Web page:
Update, July 8, 2022, at 5:40 p.m.: He went and did it. On Friday, Elon Musk said in a filing to the Securities and Exchange Commission that he informed Twitter he was “terminating” the deal to buy the company. As Alex Kirshner wrote below, it’s not nearly that simple.
A thing happened. In late April, Elon Musk signed a contract to buy Twitter for $54.20 per share. It looked, to some of us, like he had just spent $44 billion on the world’s largest pain in the ass, an albatross that would weigh on his much more lucrative electric-car business (he was leveraging his Tesla stock and splitting his attention) and compromise his weird, burgeoning status as a darling of the American right (it’s a lot easier to crow about “free speech” when you don’t own the public square). And then another thing happened. Tech stocks fell hard as the spring went on, and $54.20 (which was a premium even when Musk offered it, before the market had gone into bear territory) began to look like a massive overpayment.
So a third thing happened. Musk started searching for ways to not buy Twitter at $54.20 per share. His fundamental problem was that he had signed a contract to buy Twitter for that amount, and that contract, according to most qualified people who looked at it, gave him almost no wiggle room to exit the deal before closing. Absent proof that Twitter had misled him in a major way—one that had a “material adverse effect” on the company’s value, a high standard to meet—he would need to pay a $1 billion breakup fee to walk away. And even that might not do it, as the contract established that Twitter could take Musk to court and try to get a judge’s order to make him pay every red cent of his $44 billion bid.
Musk had his answer: He did not want to buy Twitter for what he agreed. But he needed a question that could make that answer work in public and in court, and his lawyers settled on, “Hey, Twitter. How many fake accounts do you really have?” Twitter has estimated that less than 5 percent of its users are fake accounts or bots. The company has been transparent (including, recently, CEO Parag Agrawal doing a big thread about it) that the 5-ish percent figure is just its best estimate. Musk has kept raising the subject. In June, Twitter gave Musk a big ol’ chunk of tweet data, nominally so he could do his own investigating but really so that he’d have less of an opening to claim, in service of nuking the deal, that Twitter was withholding crucial information. And you will never believe this, but it is now July, and Elon Musk’s camp is still claiming that Twitter has not gone along with his fact-finding mission about spam.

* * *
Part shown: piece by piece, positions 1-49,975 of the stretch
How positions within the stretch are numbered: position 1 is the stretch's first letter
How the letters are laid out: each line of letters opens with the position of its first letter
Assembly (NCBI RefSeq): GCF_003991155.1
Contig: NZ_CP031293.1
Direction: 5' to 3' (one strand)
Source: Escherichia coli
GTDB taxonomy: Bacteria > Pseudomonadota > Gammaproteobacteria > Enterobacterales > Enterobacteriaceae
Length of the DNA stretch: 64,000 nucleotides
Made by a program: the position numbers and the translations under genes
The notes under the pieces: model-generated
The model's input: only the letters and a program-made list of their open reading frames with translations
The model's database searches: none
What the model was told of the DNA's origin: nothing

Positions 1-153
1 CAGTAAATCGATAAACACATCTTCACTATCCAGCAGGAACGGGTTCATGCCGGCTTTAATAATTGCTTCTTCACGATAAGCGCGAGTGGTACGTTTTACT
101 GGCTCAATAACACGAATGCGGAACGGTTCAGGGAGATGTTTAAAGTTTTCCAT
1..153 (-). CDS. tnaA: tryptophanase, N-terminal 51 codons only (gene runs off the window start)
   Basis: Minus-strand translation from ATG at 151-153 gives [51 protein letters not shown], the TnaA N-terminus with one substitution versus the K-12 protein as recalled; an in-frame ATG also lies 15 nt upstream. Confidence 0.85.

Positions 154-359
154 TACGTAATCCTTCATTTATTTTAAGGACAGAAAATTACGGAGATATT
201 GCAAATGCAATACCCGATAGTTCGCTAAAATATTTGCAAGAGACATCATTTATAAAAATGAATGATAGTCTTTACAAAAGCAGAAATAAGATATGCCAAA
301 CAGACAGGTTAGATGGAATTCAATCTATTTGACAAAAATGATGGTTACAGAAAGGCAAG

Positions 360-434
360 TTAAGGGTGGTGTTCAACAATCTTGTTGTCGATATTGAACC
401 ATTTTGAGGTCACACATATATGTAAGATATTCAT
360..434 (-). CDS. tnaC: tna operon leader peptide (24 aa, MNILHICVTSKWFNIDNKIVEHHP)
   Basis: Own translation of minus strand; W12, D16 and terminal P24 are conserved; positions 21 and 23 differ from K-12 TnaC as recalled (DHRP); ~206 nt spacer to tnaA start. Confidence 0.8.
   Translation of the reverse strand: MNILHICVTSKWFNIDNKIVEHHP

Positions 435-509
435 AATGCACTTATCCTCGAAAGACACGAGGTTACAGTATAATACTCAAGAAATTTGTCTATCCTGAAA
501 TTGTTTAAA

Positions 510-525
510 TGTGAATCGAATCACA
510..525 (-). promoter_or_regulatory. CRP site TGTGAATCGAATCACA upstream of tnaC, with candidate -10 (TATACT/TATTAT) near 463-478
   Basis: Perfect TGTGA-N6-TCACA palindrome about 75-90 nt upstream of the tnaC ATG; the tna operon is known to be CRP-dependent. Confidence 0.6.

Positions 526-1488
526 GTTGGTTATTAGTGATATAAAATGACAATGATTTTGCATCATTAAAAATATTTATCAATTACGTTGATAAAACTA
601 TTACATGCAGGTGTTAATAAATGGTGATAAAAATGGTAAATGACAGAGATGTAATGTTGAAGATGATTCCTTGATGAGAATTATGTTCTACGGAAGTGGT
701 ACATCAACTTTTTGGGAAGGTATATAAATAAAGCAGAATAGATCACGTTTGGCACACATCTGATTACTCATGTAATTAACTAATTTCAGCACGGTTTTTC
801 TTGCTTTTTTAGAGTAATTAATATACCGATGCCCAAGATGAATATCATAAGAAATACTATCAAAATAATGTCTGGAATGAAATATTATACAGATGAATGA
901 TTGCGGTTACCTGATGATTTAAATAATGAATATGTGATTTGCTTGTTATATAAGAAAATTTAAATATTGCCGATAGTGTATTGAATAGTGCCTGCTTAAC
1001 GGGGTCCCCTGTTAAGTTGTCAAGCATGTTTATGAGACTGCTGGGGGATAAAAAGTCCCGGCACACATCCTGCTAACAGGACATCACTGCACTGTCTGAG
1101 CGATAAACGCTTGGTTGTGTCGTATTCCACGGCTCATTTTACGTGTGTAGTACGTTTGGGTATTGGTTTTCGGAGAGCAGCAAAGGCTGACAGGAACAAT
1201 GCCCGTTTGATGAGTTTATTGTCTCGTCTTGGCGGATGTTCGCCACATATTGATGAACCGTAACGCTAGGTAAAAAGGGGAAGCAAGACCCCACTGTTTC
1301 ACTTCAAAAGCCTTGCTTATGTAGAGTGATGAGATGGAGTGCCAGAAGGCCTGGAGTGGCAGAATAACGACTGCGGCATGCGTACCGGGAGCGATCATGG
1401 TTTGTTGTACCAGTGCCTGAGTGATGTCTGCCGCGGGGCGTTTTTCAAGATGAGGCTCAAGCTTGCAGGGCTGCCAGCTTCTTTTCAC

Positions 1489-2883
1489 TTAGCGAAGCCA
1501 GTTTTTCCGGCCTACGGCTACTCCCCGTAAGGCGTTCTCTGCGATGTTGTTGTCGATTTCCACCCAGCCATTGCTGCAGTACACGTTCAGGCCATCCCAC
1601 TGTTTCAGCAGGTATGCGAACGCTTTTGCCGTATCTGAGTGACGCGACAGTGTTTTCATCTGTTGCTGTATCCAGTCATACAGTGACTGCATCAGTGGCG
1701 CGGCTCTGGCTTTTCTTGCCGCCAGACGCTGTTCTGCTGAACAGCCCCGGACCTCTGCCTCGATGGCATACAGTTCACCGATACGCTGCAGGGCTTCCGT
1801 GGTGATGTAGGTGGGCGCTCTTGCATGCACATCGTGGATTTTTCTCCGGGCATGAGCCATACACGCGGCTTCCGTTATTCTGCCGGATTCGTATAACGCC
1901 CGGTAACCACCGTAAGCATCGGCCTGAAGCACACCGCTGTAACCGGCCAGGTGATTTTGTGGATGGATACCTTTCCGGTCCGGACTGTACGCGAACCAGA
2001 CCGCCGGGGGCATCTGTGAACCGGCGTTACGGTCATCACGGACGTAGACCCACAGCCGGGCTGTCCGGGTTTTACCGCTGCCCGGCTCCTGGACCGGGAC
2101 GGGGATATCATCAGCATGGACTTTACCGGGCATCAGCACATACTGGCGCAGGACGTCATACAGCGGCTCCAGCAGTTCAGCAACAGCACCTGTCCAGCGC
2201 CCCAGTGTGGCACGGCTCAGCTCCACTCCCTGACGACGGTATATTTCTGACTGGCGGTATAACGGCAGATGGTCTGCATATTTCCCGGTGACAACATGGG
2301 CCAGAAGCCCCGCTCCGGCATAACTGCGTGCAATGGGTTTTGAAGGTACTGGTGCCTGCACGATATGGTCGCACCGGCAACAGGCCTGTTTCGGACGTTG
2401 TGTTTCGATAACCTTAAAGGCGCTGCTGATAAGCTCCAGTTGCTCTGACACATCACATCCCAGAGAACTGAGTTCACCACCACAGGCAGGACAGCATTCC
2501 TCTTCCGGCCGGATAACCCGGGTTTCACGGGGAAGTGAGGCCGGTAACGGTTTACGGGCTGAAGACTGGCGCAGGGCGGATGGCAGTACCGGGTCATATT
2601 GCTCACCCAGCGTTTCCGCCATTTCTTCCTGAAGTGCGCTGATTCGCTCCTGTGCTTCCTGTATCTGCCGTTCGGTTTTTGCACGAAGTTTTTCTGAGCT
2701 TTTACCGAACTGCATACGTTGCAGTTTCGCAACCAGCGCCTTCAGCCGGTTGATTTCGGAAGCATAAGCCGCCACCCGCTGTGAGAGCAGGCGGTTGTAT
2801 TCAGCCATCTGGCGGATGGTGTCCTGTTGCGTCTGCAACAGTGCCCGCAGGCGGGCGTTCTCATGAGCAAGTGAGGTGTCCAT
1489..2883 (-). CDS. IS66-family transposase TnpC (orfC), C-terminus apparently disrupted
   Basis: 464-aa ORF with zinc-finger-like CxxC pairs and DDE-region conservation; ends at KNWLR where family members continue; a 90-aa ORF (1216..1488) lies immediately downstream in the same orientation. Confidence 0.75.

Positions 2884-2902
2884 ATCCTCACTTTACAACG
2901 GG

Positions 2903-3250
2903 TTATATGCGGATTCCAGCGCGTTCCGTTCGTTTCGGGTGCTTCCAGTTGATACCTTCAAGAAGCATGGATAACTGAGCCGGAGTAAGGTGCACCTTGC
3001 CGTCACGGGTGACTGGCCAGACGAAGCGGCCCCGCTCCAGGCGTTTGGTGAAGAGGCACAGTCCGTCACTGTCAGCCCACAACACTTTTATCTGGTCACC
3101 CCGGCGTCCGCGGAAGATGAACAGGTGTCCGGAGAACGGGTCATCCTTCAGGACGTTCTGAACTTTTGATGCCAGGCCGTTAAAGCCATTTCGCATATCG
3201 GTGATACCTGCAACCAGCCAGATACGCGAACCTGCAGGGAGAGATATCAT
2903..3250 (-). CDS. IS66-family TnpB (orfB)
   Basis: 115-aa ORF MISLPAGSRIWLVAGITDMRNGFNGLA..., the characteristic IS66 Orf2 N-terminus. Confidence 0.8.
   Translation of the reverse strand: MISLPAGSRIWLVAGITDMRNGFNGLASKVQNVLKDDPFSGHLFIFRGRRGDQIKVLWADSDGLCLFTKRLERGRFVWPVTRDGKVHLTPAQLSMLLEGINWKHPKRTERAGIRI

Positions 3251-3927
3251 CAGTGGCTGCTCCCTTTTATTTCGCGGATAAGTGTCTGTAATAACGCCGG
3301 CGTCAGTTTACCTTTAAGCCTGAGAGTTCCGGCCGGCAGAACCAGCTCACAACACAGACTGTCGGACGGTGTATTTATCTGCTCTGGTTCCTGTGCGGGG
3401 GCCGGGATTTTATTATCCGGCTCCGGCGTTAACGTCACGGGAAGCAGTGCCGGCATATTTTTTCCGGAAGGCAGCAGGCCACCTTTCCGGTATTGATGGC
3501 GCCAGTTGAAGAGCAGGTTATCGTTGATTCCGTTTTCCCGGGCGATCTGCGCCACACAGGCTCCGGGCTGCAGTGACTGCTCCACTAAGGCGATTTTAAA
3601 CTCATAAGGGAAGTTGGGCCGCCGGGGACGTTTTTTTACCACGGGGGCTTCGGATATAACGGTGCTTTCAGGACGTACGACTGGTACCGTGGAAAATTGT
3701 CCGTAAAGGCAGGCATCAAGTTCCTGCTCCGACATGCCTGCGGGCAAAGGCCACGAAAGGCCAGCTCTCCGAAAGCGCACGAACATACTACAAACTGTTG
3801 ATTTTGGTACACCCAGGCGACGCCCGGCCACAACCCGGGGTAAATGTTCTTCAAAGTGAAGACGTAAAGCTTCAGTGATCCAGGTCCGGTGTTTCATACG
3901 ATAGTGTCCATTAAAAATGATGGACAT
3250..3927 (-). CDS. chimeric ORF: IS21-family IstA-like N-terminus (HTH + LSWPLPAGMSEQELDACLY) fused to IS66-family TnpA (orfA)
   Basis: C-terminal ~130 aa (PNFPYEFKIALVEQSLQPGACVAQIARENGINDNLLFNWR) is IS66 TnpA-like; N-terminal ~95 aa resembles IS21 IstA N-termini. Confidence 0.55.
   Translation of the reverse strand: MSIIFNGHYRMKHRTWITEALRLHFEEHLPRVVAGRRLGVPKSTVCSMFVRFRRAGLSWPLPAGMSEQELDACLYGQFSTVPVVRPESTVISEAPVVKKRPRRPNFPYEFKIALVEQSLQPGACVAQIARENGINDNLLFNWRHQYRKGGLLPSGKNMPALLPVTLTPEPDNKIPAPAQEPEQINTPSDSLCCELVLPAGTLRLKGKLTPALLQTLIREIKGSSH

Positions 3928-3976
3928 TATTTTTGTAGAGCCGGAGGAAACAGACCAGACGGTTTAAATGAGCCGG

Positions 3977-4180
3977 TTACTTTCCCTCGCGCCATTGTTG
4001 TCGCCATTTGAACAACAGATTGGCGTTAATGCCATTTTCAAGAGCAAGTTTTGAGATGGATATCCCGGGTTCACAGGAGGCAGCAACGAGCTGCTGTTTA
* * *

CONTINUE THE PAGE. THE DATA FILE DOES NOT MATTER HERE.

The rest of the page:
“Twitter has not been cooperative,” the Washington Post quotes someone “familiar with the discussions” (almost certainly Musk or someone working for him) as saying. The Post says the whole deal is “in peril.” I am not sure what that means, and I am not sure that the Post or Twitter or Musk knows just what that means either. Anyway, Musk is not going to pay the $54.20 premium of his own accord, so he and Twitter are either going to court or someone (maybe everyone) is going to cave in a settlement. Musk does not want to pay up, and Twitter does not want him to tank its stock price by successfully fleeing.
Whatever the outcome, it will be a test of what really matters in billionaire business in 2022. In one corner, there are laws and contracts and old-school conventions about the way negotiations work—most notably, the concept that when someone signs papers agreeing to do something, they have to do it or pay a penalty. In the other corner is complete and total bullshit, wielded by a bullshitter who is attempting to worm his way to a preferred outcome on the strength of being not just the richest person in the world, but also the most annoying. It is a heavyweight bout between how business is done by most people and how it is done by one person. We are all about to locate the outer limit of what hucksterism can achieve.